Accessibility links

Case Study
Linking LEDS and NAMA in the livestock sector

Linking LEDS and NAMA in the livestock sector

Integration of the livestock Nationally Appropriate Mitigation Action (NAMA) with the livestock Low Emission Development Strategy (LEDS)
  • Energy
  • Transport

Latin America and the Caribbean

Year Published

2012 - present

Case Summary
According to Costa Rica’s last national greenhouse gas (GHG) inventory (2010), the livestock sector is the second largest emitting source, being responsible for 23.6% of national GHG emissions. To support creating a more eco-competitive livestock sector, Costa Rica is implementing three closely-related initiatives in parallel in an integrated process to improve coherence and synergy. These are the National Strategy for Low Carbon Livestock, a Livestock NAMA, and its NAMA pilot plan for implementation. These initiatives, led by the Ministry of Agriculture and Livestock, are carried out in a participative process with active involvement of private sector representatives. The strategy serves as an umbrella, giving political orientation to the sector. The NAMA provides operationalisation guidelines that are being implemented through a pilot plan.
The key institutions involved are:
  • Ministry of Agriculture and Livestock Farming (MAG): Livestock Directorate: in charge of leading and coordinating all three initiatives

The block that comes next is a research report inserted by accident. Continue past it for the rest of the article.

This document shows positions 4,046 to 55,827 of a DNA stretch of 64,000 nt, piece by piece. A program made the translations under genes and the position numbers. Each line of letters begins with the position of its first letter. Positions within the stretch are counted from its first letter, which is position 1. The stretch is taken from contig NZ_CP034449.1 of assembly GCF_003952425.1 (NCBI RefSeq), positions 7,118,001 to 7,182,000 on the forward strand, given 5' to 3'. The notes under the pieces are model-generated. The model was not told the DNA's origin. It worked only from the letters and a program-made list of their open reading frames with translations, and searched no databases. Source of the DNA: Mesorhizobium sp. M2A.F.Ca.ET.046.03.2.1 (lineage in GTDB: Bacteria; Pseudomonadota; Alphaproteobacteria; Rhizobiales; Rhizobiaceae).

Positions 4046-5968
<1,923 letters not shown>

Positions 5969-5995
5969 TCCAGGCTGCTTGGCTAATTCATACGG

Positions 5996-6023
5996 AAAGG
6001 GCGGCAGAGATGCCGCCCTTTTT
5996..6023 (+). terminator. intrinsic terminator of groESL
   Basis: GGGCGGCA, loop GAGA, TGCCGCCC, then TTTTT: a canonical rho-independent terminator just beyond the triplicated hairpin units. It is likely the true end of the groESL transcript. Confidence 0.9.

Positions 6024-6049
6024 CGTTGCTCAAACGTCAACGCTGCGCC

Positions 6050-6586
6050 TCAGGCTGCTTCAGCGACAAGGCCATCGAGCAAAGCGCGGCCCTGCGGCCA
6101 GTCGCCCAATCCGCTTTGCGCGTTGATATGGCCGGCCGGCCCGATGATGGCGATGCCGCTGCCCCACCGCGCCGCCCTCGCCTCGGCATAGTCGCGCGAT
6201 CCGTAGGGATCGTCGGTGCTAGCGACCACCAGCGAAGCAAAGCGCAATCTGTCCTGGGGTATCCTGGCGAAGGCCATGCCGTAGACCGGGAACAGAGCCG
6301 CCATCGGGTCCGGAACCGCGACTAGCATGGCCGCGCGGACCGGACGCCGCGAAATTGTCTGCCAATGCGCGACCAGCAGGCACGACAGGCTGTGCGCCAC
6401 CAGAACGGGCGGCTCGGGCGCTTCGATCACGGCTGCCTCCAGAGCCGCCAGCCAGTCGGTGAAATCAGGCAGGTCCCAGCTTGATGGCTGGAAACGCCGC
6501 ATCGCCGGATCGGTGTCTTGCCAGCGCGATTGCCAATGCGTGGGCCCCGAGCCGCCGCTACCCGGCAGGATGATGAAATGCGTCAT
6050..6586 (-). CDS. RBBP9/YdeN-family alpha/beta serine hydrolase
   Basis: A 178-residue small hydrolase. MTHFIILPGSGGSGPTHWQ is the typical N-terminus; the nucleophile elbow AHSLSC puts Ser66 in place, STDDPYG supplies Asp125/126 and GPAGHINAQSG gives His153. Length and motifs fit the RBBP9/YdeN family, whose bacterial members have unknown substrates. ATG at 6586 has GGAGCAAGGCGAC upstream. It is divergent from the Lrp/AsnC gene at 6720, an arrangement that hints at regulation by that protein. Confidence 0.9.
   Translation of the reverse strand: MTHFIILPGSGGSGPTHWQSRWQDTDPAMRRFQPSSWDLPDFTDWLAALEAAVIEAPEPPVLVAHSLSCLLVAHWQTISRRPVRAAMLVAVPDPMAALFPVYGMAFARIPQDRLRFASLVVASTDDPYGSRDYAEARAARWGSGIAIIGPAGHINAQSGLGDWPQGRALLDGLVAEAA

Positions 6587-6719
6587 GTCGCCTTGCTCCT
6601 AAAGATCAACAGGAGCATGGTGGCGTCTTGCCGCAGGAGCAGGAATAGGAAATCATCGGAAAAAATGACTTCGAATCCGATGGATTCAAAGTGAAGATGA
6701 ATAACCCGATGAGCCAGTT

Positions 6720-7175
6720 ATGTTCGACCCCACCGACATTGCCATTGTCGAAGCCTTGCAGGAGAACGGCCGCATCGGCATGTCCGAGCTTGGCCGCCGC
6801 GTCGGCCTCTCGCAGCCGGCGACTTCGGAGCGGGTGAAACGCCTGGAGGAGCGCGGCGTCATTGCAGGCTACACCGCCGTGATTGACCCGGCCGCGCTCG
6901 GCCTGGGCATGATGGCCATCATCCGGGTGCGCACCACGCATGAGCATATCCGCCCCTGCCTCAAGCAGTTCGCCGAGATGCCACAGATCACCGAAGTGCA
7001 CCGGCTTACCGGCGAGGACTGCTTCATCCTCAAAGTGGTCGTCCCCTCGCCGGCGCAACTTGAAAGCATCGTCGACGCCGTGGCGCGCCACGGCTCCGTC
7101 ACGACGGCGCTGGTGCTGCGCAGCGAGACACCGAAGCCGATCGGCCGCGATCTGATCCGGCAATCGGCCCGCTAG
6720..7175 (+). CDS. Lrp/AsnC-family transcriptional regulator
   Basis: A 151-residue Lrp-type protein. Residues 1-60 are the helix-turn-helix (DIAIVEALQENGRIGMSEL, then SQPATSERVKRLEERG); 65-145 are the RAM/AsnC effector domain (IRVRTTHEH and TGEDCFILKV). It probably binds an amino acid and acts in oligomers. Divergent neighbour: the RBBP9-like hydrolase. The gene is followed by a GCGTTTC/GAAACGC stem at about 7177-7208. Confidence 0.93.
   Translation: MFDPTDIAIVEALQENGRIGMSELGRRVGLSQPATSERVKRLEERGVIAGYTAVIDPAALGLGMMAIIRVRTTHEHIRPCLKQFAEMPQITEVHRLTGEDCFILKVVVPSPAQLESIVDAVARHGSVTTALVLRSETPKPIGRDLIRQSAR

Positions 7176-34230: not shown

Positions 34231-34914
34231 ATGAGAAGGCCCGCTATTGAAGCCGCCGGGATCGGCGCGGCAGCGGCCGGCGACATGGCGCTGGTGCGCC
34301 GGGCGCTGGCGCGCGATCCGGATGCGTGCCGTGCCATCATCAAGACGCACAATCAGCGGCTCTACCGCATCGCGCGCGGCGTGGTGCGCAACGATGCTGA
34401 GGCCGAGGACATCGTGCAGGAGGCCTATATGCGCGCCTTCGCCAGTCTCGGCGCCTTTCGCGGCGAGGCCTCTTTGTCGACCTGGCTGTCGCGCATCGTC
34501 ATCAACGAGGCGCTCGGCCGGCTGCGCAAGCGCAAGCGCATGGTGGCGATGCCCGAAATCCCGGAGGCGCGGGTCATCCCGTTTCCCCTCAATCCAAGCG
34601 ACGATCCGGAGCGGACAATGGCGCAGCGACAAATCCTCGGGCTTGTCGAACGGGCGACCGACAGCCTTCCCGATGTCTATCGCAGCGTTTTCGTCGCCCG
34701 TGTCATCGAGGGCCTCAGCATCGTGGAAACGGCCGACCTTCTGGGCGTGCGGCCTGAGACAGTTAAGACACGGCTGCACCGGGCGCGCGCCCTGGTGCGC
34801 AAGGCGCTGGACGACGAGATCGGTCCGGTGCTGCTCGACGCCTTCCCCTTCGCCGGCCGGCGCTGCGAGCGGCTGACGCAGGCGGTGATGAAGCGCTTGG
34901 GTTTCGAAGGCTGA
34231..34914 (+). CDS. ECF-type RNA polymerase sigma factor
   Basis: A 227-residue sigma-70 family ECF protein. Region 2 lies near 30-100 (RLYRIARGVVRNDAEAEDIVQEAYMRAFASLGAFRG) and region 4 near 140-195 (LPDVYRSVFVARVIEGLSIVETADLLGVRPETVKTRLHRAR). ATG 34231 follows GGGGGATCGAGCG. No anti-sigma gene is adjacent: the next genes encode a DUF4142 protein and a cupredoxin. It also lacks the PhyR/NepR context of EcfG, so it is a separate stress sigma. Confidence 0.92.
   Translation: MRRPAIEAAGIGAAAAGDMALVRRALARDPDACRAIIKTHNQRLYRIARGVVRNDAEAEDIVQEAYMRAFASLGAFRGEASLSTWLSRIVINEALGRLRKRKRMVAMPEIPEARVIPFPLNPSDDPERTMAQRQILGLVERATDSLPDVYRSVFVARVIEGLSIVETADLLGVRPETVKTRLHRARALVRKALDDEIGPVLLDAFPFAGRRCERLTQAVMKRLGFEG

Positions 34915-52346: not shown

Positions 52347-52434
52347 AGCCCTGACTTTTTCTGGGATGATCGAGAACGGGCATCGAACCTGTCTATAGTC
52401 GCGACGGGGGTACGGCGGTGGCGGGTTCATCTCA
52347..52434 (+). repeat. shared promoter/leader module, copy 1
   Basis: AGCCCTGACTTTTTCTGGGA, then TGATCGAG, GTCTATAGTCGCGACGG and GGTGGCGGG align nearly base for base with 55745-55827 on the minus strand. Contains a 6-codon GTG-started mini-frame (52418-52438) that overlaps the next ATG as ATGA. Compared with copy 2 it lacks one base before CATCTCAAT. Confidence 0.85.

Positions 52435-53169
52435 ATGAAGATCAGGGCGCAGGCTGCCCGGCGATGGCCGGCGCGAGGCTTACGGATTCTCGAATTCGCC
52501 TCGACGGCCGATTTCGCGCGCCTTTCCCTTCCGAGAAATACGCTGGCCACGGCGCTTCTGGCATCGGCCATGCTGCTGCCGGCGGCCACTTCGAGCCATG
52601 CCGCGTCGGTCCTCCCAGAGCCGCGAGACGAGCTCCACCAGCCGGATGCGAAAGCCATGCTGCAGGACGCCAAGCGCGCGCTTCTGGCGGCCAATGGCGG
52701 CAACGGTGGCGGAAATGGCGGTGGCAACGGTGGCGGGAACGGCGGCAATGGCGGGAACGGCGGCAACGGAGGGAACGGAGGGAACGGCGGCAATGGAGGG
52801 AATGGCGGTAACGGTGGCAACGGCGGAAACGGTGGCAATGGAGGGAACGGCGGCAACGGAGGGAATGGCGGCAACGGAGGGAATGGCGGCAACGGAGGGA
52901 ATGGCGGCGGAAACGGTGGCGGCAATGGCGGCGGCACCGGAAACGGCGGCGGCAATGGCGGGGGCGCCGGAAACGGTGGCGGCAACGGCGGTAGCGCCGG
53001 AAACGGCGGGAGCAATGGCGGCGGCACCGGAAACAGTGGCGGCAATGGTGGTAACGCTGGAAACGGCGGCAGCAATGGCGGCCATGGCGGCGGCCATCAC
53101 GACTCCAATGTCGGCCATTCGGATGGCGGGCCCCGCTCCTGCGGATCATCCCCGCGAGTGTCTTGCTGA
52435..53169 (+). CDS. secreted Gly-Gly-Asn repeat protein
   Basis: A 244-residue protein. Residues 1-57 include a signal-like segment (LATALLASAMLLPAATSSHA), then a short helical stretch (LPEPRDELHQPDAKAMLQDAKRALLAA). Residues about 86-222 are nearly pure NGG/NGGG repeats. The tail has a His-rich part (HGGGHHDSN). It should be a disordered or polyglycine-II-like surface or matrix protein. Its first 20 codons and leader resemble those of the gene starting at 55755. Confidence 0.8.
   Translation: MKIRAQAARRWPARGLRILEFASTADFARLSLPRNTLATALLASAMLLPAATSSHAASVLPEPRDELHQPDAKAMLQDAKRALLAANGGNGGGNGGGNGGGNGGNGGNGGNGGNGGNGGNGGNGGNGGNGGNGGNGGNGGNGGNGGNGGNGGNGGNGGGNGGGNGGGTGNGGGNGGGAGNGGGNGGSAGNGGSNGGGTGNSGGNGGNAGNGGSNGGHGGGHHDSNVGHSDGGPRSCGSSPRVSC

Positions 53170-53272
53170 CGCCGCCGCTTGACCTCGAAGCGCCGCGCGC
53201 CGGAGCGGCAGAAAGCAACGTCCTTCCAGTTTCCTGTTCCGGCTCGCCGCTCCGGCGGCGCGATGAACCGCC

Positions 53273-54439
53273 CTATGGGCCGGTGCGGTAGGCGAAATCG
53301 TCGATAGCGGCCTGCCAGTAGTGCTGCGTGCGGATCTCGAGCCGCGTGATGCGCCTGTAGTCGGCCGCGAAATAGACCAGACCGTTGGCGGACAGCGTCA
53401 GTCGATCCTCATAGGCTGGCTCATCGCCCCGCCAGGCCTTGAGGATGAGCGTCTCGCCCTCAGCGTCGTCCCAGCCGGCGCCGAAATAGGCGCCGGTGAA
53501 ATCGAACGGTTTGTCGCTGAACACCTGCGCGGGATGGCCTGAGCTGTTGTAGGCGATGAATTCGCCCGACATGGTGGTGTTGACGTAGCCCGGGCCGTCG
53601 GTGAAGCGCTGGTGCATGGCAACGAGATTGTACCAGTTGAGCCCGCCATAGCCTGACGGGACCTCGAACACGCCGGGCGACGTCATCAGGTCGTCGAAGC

• Ministry of Environment and Energy (MINAE): Climate Change Directorate: gives orientation on climate change issues and support in UNFCCC processes (i.e. COP, NAMA Registry)
Other relevant actors:
  • Livestock Corporation (CORFOGA)
  • National Chamber of Milk Producers (CNPL)
  • Tropical Agricultural Research and Education Centre (CATIE)
  • International Centre for Tropical Agriculture (CIAT)
  • National Institute of Agricultural Technology Innovation and Trasfer (INTA)
Cooperation with
  • UNDP in Costa Rica supported the NAMA process and pilot activities
  • UNEP-DTU supported the Livestock LEDS process
The NAMA process and pilot plan was financed by the German Federal Ministry for the Environment, Nature Conservation, Building and Nuclear Safety (BMUB), the European Community and the Australian Government through the UNDP LECB programme. The Livestock LEDS work was supported by UNEP DTU, channelled resources of the Danish International Development Agency (DANIDA) through the Facilitating Implementation and Readiness for Mitigation (FIRM) project.

Results supported byUNDPWorld Resources InstituteTransparency partnership